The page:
Figure 16: Analysis of the nanotube structure of Damascus steel. The swords forged in Damascushad a surface pattern of moiré ripples, which resemble turbulent water, with a wavy pattern on its surface which looks like wood grain. Details: (a). A Damascus sword; (b). the wavy pattern in the sword; (c-d). the nanowire structure of the steel in the blade. (Source: C. Srinivasan, Damascus Sword – An Ancient Product of Nanotechnology).

4. References and bibliography

4.1. Articles published on

4.2. General references

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  • Anawati, Georges, “Arabic Alchemy”, in Encyclopaedia of the History of Arabic Science, edited by Roshdi Rashed et al., 3 vols. London and New York: Routledge, 1996, pp. 853-885.
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  • Bloon, Ionathan, Paper Before Print. The History and Impact of Paper in the Islamic World. New Haven: Yale University Press, 2001.
  • Conrad, Laurence, “Muhtassib”, in Dictionary of the Middle Ages, edited by Ioseph Strayer, New York: Charles Scribner’s Sons, 1989, vol. 9, p. 527.
  • Cox Russel, Iosiah, “Late Ancient and Medieval Population”, Transactions of the American Philosophical Society, vol. 48/III, 1958.
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  • Hill, Donald R., Islamic Science and Engineering. Edinburgh: Edinburgh University Press, 1993.
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  • Hunter, Dard, Papermaking: the History and Technique of an Ancient Craft. London: Pleiades Books, 1943; 1947.
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  • Lombard, Maurice, The Golden Age of Islam, transl. I. Spencer. North Holland publishers, 1975.
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  • Mokyr, Ioel, The Lever of Riches: Technological Creativity and Economic Progress. Oxford: Oxford University Press, 1990.
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  • Omar, Saleh Beshara, Ibn al-Haytham’s Optics: A Study of the Origins of Experimental Science. Minneapolis: Bibliotheca Islamica, 1977.
  • Pacey, Arnold, Technology in World Civilization: A Thousand-Year History. Cambridge, Mass.: The MIT Press, 1991.
  • Pedersen, Iohannes, The Arabic Book, translated by Geoffrey French. Princeton, NI.: Princeton University Press, 1984.
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  • Porte, Venetia, Islamic Tiles. New York: Interlink Books, revised edition, 2004. Earlier editions include British Museum Press, London, 1st edition 1995, 2nd 1999; Interlink Books, New York, 1995.
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[1] See literature as follows: M. Lombard, The Golden Age of Islam; translated by I. Spencer; Amsterdam: North-Holland publishers, 1975, p. 239; S.D. Goitein, A Mediterranean Society, 5 vols., Berkeley: University of California Press, 1967-1990; vol. 1, paperback edition, 2000; and various articles on mechanics, engineering, and industry at

[2] A. Y. al-Hassan, and D. R. Hill, Islamic Technology. An Illustrated History. Paris/Cambridge: UNESCO/ Cambridge University Press, 1986, p. xiii.

[3] P. K. Hitti, History of the Arabs, MacMillan, London, 1970.

[4] Al-Maqarrī, Nafh Al-Tīb: translated by P. De Gayangos: The History of the Mohammedan Dynasties in Spain (extracted from Nafh Al-Tīb by al-Maqqarī), 2 vols., London: The Oriental Translation Fund, 1840-43.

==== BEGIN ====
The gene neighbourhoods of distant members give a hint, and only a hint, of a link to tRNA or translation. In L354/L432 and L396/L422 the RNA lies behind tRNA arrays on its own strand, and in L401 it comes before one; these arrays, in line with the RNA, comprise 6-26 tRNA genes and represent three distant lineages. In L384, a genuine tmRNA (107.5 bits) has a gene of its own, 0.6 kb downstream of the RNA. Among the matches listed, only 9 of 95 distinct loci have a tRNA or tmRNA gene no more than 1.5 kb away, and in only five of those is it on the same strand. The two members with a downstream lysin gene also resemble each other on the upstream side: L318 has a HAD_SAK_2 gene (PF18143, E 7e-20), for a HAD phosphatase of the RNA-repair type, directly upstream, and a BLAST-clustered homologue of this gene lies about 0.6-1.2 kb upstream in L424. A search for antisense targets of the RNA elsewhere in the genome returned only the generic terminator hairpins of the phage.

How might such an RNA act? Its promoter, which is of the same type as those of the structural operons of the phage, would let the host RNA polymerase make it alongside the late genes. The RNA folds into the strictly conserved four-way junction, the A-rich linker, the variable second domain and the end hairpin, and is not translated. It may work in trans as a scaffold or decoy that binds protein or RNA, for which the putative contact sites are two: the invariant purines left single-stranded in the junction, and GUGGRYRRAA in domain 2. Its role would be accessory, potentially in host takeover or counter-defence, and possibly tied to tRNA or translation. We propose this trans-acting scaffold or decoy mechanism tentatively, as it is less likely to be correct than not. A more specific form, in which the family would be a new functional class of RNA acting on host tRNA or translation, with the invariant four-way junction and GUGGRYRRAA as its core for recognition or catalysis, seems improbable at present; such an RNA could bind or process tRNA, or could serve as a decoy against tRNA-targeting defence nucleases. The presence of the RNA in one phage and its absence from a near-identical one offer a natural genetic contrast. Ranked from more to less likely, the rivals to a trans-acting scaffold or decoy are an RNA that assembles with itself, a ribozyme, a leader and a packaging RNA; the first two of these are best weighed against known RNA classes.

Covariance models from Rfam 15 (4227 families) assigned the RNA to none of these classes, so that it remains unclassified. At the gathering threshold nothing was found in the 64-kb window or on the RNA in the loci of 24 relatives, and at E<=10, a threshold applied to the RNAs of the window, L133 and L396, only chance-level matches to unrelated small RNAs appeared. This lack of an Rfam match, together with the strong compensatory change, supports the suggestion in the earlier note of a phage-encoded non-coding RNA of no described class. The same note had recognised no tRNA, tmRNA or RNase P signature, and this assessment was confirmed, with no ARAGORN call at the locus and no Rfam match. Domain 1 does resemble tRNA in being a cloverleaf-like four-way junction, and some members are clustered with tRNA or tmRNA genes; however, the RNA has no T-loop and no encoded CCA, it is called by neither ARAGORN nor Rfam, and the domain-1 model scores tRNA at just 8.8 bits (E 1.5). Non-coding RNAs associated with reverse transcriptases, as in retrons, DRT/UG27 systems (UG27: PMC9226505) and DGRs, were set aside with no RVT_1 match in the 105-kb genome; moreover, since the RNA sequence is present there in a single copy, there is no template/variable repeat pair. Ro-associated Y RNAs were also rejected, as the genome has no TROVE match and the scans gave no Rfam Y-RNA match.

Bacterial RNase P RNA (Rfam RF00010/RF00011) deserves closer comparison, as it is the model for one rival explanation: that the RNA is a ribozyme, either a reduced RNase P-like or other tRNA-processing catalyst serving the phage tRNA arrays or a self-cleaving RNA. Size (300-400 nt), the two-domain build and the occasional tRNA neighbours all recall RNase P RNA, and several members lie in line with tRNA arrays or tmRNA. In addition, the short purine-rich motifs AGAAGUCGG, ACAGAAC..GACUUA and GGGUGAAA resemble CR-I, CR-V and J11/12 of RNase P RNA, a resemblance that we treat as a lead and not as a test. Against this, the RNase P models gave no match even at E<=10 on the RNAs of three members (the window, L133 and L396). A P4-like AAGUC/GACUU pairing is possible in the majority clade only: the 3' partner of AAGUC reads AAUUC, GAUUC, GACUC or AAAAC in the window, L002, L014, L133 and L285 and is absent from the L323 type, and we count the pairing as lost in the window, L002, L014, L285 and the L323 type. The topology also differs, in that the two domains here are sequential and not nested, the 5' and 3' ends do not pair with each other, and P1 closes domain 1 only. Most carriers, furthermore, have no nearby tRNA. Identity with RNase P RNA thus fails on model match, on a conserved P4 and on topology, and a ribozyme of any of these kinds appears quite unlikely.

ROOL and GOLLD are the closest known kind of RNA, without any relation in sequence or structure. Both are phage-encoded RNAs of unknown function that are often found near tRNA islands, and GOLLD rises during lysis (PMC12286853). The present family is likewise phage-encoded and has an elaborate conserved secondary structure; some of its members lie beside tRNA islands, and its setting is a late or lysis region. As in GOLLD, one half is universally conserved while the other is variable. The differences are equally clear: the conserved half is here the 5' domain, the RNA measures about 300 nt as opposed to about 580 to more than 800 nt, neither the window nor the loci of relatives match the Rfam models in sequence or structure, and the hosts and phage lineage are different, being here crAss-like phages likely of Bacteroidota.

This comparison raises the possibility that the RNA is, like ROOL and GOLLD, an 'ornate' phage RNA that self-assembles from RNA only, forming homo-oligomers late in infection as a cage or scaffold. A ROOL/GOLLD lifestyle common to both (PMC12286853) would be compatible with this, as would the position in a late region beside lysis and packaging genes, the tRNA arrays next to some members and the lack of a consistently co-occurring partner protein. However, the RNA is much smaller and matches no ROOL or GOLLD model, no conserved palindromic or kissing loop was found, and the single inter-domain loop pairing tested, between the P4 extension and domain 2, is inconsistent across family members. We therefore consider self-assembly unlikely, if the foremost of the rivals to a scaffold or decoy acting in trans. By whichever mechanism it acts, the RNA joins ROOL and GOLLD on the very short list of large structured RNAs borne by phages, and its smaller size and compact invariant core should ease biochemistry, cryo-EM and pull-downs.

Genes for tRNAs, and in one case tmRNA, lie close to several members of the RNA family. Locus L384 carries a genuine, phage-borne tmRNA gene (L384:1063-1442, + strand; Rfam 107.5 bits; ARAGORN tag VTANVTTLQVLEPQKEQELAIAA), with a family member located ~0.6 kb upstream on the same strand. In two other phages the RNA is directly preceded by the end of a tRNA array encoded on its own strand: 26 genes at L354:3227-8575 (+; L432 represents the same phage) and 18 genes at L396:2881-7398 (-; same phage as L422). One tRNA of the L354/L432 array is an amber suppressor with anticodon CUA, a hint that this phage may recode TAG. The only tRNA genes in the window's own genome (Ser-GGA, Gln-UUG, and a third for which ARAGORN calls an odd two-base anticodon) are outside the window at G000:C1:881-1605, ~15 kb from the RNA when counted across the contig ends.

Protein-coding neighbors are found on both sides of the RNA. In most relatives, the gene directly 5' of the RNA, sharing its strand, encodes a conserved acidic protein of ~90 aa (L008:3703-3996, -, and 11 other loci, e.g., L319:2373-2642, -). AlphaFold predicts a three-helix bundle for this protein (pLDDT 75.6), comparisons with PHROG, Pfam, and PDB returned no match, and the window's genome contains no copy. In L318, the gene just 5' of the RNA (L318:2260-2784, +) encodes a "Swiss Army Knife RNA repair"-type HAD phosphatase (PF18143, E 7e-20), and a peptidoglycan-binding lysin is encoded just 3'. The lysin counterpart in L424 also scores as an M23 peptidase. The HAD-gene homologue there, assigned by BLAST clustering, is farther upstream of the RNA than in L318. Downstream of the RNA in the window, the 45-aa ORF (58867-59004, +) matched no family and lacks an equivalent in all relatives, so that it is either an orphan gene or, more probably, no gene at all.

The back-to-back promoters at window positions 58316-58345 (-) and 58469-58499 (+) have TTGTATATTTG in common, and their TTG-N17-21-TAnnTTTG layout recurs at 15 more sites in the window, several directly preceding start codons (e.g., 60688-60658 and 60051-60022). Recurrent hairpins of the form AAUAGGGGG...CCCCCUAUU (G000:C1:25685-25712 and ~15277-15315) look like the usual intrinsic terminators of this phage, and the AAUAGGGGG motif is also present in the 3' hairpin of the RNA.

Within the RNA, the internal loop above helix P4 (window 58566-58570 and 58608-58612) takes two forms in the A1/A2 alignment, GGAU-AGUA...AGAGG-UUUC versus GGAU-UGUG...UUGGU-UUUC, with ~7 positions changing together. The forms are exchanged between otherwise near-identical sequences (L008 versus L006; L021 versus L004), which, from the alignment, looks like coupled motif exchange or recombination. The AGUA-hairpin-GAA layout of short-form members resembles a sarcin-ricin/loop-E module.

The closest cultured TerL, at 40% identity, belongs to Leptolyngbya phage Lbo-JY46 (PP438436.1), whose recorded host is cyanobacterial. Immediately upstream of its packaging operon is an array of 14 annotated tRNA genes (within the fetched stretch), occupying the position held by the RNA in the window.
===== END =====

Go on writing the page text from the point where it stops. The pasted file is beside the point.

[5] For an overview on the technology of al-Andalus, see D. R. Hill, “Andalusian Technology”, in Studies in Medieval Islamic Technology: From Philo to al-Iazarī-From Alexandria to Diyār Bakr. Edited by David A. King. (Variorum Collected Studies Series). Aldershot, Eng. /Brookfield, Vt.: Ashgate, 1998, XVIII.

[6] For instance, D.H. Fischer, Historians’ Fallacies, London: Routledge & Kegan Paul, 1971; I. Fontana, The Distorted Past, Blackwell, 1995; G. Fisher, The Barbary Legend, Oxford, 1957; P. Geyl: Use and Abuse of History, Yale University Press, 1955.

[7] Iohn Glubb, A Short History of the Arab Peoples; Hodder and Stoughton, 1969, pp. 289-90.

[8] Regine Pernoud: Pour en finir avec le Moyen Age, Paris: Editions du Seuil, 1977, p. 17.

[9] See also A. Y. al-Hassan’s and D. R. Hill’s enumeration of the factors behind the historians’ reluctrance to admit Islamic achievements in technology and industry in Islamic Technology. An Illustrated History, op. cit., pp. 279-281.

[10] A. Pacey, Technology in World Civilization, Cambridge, Mass.: MIT Press, 1991, preface, p. 26.

[11] I. Hammer-Purgstall, “Sur les lames des Orientaux”, Iournal Asiatique, III – IV (1854), pp. 66 ff.

[12] H.E. Wulf, “Notes on Damascene Steel and Pamor”, Technology and Culture; vol 6, pp. 627-629; p. 628.

[13] Ibid, p. 629.

[14] W. Durant, The Age of Faith, New York: Simon and Shuster, 1950, p. 274.

[15] Ibid, pp. 274-5.

[16] Ibid, p. 298.

[17] Ibid, p. 275. For more details on the Islamic contribution to the industry of iron and steel, see A. Y. al-Hassan and D. R. Hill, Islamic Technology. An Illustrated History, op. cit., pp. 251-260.

[18] A. A. Levin, D. C. Meyer, M. Reibold, W. Kochmann, N. Pätzke, and P. Paufler, “Microstructure of a genuine Damascus sabre”, Cryst. Res. Technol. 40, No. 9, 905 – 916 (2005) [online version: Microstructure of a genuine Damascus sabre]; M. Reibold et al., “Materials: Carbon nanotubes in an ancient Damascus sabre”, Nature 444, 286 (16 November 2006); Iohn Verhoeven and Alfred Pendray, “The Mystery of the Damascus Sword”, Muse, Volume 2, Number 2, pp. 35-43, April 1998 [republished online: The Mystery of the Damascus Sword]; I.D. Verhoeven, A.H. Pendray, and W.E. Dauksch, “The Key Role of Impurities in Ancient Damascus Steel Blades”, IOM, Iournal of Minerals, Metals, and Materials 50 (9) (1998), pp. 58-64 [for an online version click here]; Pätzke et al., Nanostructured Ancient Damascus Blades (abstract). See also for more information: Damascus Steel & Silver Inlay; [Wikipedia], Damascus steel (retrieved 5 Iuly 2009); Damascene Technique in Metal WorkingDamascus steel’s lost secret found; Mason Inman, Legendary Swords’ Sharpness, Strength From Nanotubes, Study SaysNational Geographic News, 16 November 2006.